The material on this site is for financial institutions, professional investors and their professional advisers. It is for information only. Please read our Terms & Conditions, Privacy Policy and Cookies before using this site.

All material subject to strictly enforced copyright laws. © 2021 Euromoney, a part of the Euromoney Institutional Investor PLC.

Regulation: The agony of the global supervisor

A handful of the world's top financial institutions have not one regulator but many, spread over diverse products and markets. These regulators, scared by Barings, Daiwa Bank and other disasters, are trying to plug holes in the supervisory net. But it's a tough job to coordinate oversight and to ensure that at least one supervisor has the full picture. David Shirreff reports

Laocoon, the Trojan priest, didn't trust the Greeks and their wooden horse. But before he could warn his fellow Trojans, the hostile gods sent two snakes to throttle him and his sons. The sculptor's treatment of this event seems to epitomize the struggle between the regulators and the regulated in today's financial markets. But who is being strangled and who's doing the strangling?

A score of diverse institutions, operating globally in the major money centres and emerging markets, present supervisors with an increasingly tortuous task. "The concept 'small is beautiful' doesn't exist in the financial services industry," laments Tom de Swaan, executive director at Holland's central bank.

No single lead supervisor can hope to get the full picture - encompassing all subsidiaries and financial affiliates - of one of these sprawling entities which might include banking, fund management, securities and commodities trading, and insurance. Indeed, it might be dangerous to try.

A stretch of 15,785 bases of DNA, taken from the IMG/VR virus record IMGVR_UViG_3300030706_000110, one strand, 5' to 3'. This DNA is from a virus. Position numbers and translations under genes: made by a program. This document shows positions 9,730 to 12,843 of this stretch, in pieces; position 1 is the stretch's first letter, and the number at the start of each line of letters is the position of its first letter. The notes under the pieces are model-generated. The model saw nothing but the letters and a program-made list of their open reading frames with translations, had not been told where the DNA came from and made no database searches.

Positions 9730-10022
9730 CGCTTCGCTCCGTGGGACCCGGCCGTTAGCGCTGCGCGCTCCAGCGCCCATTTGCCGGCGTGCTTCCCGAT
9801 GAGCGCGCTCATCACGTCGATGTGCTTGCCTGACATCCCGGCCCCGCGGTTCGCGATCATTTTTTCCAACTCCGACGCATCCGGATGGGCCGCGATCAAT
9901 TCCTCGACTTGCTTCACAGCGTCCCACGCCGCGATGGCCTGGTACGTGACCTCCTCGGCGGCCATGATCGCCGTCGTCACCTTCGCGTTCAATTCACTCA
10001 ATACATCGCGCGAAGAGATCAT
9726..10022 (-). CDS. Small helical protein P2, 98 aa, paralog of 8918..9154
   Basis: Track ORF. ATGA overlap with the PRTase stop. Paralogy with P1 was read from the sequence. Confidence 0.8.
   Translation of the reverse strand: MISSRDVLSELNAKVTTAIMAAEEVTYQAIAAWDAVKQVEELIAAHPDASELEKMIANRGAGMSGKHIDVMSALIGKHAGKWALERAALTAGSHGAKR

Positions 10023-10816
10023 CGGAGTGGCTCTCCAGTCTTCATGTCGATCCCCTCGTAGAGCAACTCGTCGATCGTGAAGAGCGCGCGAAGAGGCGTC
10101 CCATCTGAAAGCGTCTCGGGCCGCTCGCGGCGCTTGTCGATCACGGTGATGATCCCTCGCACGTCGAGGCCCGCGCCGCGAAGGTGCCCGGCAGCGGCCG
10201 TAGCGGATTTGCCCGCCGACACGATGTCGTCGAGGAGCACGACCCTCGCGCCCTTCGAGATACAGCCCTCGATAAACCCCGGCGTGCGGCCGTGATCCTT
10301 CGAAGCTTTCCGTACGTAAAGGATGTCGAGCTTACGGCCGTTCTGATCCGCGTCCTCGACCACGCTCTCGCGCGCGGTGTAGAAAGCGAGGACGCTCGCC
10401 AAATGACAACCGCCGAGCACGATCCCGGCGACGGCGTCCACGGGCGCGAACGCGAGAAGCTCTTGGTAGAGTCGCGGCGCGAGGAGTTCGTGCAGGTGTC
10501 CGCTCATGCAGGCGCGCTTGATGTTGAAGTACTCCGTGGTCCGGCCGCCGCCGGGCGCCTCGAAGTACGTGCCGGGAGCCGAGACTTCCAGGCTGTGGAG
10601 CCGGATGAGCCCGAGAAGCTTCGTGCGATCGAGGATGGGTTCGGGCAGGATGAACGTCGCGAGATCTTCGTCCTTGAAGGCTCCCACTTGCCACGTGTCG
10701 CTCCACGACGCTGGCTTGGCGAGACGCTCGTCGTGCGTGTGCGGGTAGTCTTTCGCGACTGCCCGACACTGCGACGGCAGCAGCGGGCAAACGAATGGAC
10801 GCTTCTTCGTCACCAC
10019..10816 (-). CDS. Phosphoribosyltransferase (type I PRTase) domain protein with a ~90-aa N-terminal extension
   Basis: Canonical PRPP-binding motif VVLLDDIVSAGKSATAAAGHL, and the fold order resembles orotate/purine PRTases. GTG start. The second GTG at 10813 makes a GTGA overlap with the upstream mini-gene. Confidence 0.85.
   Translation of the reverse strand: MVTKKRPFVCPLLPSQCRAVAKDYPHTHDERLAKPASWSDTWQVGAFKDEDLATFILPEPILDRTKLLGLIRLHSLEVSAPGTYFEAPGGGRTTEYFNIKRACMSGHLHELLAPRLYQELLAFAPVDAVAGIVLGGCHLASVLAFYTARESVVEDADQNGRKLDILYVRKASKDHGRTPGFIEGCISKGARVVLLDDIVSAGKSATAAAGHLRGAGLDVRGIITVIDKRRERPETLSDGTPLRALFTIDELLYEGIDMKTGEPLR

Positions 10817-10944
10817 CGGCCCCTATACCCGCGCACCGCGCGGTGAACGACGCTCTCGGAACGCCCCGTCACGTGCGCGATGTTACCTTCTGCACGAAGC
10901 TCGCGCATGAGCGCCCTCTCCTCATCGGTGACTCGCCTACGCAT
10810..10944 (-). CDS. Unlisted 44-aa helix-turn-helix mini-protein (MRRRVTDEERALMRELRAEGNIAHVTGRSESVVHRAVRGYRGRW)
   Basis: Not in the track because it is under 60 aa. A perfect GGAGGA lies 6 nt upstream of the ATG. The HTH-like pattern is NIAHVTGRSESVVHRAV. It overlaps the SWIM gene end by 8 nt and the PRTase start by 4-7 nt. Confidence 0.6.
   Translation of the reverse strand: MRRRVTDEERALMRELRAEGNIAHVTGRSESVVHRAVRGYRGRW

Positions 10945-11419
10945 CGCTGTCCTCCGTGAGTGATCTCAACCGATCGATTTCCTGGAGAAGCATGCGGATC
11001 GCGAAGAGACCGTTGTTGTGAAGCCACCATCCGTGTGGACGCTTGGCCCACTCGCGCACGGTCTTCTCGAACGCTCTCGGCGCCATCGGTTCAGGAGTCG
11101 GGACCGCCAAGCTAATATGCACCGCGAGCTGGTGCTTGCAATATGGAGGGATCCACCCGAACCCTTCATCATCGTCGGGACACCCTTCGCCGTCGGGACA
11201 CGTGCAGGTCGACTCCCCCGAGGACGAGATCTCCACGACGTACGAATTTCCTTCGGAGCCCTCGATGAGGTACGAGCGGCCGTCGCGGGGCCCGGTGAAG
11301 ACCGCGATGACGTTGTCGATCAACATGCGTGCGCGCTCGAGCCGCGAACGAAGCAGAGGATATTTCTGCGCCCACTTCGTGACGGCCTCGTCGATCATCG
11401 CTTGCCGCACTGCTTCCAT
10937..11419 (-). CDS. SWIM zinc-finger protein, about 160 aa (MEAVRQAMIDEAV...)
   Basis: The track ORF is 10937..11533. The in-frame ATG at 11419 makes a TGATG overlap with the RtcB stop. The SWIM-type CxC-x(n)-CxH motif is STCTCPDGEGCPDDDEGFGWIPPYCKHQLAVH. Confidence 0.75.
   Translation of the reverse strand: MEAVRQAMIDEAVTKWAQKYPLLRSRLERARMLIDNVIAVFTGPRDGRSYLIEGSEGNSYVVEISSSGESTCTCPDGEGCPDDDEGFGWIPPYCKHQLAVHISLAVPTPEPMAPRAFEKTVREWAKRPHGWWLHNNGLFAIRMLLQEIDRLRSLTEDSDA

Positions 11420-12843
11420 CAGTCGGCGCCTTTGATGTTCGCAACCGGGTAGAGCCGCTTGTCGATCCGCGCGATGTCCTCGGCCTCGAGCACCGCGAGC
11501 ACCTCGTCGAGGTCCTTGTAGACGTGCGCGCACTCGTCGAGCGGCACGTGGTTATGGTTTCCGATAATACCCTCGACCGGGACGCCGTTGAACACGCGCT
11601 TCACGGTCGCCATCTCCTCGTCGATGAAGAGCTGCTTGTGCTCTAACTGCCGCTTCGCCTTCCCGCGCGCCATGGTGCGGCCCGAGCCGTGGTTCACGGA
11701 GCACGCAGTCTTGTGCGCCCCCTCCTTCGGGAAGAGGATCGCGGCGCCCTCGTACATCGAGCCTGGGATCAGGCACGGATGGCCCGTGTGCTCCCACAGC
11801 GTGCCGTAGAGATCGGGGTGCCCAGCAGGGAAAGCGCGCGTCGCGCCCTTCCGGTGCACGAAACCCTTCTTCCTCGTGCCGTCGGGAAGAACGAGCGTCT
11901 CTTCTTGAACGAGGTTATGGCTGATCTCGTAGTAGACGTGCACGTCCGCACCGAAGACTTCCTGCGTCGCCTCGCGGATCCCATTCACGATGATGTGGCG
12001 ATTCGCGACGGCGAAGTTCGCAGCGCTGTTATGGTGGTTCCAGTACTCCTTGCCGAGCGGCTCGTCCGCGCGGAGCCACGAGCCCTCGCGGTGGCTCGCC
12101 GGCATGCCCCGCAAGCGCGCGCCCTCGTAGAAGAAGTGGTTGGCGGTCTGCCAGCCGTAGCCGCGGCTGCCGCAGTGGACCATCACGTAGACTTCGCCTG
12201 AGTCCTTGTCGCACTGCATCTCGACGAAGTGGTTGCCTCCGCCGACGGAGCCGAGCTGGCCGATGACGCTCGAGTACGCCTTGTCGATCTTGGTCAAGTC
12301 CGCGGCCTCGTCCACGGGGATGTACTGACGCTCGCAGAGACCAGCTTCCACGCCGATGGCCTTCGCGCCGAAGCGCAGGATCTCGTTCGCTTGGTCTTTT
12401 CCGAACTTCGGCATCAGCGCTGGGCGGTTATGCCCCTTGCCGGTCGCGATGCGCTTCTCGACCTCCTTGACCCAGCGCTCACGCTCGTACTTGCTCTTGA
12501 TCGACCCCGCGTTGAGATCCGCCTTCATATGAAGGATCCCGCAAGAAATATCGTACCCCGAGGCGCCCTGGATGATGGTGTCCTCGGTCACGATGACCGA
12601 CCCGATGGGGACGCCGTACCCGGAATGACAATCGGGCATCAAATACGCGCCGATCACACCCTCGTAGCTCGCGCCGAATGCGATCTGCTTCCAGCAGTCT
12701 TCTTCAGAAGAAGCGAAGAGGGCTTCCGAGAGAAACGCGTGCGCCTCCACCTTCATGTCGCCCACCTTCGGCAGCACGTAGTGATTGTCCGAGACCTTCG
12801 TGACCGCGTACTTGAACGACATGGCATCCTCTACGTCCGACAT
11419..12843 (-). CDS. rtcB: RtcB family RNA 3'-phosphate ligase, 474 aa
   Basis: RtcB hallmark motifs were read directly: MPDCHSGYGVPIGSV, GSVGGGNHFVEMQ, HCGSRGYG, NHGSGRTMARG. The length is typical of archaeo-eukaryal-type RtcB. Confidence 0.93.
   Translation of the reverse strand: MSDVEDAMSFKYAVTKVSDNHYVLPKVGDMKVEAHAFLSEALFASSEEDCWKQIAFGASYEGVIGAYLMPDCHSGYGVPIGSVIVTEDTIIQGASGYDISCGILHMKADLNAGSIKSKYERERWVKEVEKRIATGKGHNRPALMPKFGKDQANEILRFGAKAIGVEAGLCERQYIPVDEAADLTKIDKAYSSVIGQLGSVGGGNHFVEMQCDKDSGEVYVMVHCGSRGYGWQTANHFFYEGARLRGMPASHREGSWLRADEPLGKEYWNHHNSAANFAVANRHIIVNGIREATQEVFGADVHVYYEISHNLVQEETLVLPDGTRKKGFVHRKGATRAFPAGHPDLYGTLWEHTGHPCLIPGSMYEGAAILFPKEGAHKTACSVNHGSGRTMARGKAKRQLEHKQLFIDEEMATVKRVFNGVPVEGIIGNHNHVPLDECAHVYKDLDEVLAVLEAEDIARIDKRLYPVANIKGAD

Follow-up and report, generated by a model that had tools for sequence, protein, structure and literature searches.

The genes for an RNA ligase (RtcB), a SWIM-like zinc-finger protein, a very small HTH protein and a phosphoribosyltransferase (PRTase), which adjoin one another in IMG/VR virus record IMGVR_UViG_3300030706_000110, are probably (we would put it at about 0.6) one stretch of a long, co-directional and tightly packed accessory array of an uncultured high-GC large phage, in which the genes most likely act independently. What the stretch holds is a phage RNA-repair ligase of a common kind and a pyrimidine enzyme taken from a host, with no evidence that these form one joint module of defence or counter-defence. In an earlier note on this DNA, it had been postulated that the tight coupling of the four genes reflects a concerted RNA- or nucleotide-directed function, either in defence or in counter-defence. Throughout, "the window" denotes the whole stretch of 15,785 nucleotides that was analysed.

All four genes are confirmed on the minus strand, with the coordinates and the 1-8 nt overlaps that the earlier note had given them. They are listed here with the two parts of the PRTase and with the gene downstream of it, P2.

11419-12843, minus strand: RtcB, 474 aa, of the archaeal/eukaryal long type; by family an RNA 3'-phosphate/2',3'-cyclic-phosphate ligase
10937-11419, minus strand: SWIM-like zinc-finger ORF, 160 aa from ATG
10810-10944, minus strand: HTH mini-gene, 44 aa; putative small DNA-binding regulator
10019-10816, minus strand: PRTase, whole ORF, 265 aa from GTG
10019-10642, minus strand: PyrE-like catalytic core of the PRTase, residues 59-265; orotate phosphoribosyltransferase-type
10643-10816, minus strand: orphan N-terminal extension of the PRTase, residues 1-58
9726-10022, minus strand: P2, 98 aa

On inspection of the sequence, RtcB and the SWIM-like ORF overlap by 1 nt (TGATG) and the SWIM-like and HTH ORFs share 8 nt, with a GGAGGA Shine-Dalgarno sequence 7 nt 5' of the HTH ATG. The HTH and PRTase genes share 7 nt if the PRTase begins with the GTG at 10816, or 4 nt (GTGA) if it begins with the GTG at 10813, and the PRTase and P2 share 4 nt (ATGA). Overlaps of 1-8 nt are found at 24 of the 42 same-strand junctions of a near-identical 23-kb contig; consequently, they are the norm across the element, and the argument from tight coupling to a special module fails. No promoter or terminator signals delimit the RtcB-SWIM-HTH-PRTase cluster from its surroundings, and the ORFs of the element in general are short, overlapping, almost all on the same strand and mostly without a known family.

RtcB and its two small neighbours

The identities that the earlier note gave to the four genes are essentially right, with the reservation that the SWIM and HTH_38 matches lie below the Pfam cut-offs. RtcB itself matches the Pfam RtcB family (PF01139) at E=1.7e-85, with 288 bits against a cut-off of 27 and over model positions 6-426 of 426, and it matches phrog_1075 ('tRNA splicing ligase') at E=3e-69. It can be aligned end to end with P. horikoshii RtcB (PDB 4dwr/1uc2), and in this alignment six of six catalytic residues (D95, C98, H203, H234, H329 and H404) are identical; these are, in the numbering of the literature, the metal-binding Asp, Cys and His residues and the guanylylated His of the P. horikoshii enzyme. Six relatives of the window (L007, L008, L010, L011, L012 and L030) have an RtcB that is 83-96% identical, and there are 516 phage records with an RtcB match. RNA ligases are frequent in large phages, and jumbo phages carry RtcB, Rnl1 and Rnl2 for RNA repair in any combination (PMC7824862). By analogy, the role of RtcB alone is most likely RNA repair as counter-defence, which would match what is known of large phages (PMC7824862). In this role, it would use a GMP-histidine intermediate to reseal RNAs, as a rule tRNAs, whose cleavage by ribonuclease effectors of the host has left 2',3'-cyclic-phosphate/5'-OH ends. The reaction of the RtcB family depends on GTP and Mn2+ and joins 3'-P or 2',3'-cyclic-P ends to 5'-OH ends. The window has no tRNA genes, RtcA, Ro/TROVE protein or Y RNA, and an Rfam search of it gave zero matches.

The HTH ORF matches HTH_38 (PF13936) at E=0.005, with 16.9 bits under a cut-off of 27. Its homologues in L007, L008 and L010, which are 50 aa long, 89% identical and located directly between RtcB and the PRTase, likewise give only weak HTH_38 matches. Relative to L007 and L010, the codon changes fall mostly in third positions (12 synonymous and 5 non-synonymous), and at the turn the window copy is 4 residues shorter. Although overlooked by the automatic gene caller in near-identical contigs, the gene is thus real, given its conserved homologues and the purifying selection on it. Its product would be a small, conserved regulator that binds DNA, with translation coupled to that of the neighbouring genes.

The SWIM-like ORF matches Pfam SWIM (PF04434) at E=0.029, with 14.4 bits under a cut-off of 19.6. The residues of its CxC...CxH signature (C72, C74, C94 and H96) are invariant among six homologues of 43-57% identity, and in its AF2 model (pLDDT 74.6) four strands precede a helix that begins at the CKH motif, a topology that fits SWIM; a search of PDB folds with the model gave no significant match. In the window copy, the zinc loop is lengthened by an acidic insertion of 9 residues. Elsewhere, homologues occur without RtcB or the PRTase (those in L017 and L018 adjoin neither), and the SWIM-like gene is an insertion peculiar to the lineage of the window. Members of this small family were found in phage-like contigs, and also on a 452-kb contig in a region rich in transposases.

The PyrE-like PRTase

"Over-supervision can disrupt the markets," warns Clifford Smout, head of supervisory policy at the Bank of England. There may be legitimate worries about systemic risk but "you don't want to extend the regulatory net to give the impression that dealing with subsidiaries is as safe as dealing with the [regulated] bank".

The







You have reached premium content. Please log in to continue reading.

Read beyond the headlines with Euromoney

For over 50 years, our readers have looked to Euromoney to stay informed about the issues that matter in the international banking and financial markets. Find out more about our different levels of access below.

SUBSCRIBE ONLINE TODAY

Unlimited access to Euromoney.com and Asiamoney.com

Expert comment, long reads and in-depth analysis interviews with senior finance professionals

Access the results of our market-leading annual surveys across core financial services

Access the results of our annual awards, including the world-renowned Awards for Excellence

Your print copy of Euromoney magazine delivered monthly

£73.75 per month

Billed Annually

FREE 7 DAY TRIAL

Unlimited access to Euromoney.com and Asiamoney.com, including our top stories, long reads, expert analysis, and the results of our annual surveys and awards

Sign up to any of our newsletters, curated by our editors

LOGIN NOW

Already a user?

We use cookies to provide a personalized site experience.
By continuing to use & browse the site you agree to our Privacy Policy.
I agree